Safety fears over M27 smart motorway conversion to be investigated in House of Commons

AN INVESTIGATION has been launched into the safety of smart motorways – but work on the M27 is unlikely to stop.

Friday, 26th February 2021, 5:22 pm
Updated Friday, 26th February 2021, 5:29 pm

The House of Commons’ Transport Select Committee has started the inquiry following growing concerns about existing projects.

Smart motorways allow motorists to drive along the hard shoulder, with refuge areas to pull into for breakdowns and crashes.

Others without a refuge switch the hard shoulder between use for live traffic or emergency services, depending on what is needed.

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Currently, the M27 is being converted into a smart motorway for £244m.

The inquiry has been launched after two people died when a lorry driver ploughed into their vehicles while they were stationary on the M1 in south Yorkshire.

Transport secretary Grant Shapps told the committee earlier this month that he ‘inherited’ smart motorways, and pledged to get ‘get rid of confusions’.

Leader of Fareham Borough Council, Cllr Sean Woodward, said people should not expect any change to the direction of the M27.

‘There are some pretty awful accidents that have happened on the motorways that have a dynamic hard shoulder,’ he said.

‘In terms of safety, the refuges have to be frequent enough along the M27 and the technology to close a lane has to be present and reliable.

‘I am intrigued to see what happens, but if people think that the M27 project will be abandoned then they will be left feeling disappointed.’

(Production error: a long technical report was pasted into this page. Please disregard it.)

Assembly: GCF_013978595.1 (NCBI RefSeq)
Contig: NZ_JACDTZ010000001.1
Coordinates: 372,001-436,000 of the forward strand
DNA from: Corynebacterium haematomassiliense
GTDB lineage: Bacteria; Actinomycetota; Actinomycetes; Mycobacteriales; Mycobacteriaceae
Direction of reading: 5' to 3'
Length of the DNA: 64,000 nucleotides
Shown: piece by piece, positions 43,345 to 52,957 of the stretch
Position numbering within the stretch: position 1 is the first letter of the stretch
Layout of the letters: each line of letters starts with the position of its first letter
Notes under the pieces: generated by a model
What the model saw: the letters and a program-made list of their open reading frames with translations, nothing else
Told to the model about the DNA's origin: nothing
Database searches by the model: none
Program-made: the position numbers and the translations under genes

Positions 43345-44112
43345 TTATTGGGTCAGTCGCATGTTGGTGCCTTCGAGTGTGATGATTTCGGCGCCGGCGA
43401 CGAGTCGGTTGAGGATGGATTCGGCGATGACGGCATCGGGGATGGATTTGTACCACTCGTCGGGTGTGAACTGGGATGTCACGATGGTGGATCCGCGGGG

Under current proposals, the M27 will serve as a smart motorway from junction 4 to junction 11.

In February 2020, Conservative MP for Fareham Suella Braverman said in Westminster that the project is becoming ‘terrifying’.

She said then: ‘Many local people in Fareham are concerned about safety and are calling for the smart motorway upgrade on the M27 to be scrapped and reversed.’

Ms Braverman, now Attorney General for England and Wales, was contacted by The News for her thoughts on the investigation.

RAC head of roads policy Nicholas Lyes said: ‘There is an increasing level of concern around the safety of smart motorways from the driving public through to Westminster.

‘While a major review has identified a number of key actions to improve safety and some progress has been made, there is still a great deal of work to do which will take several years to complete.’

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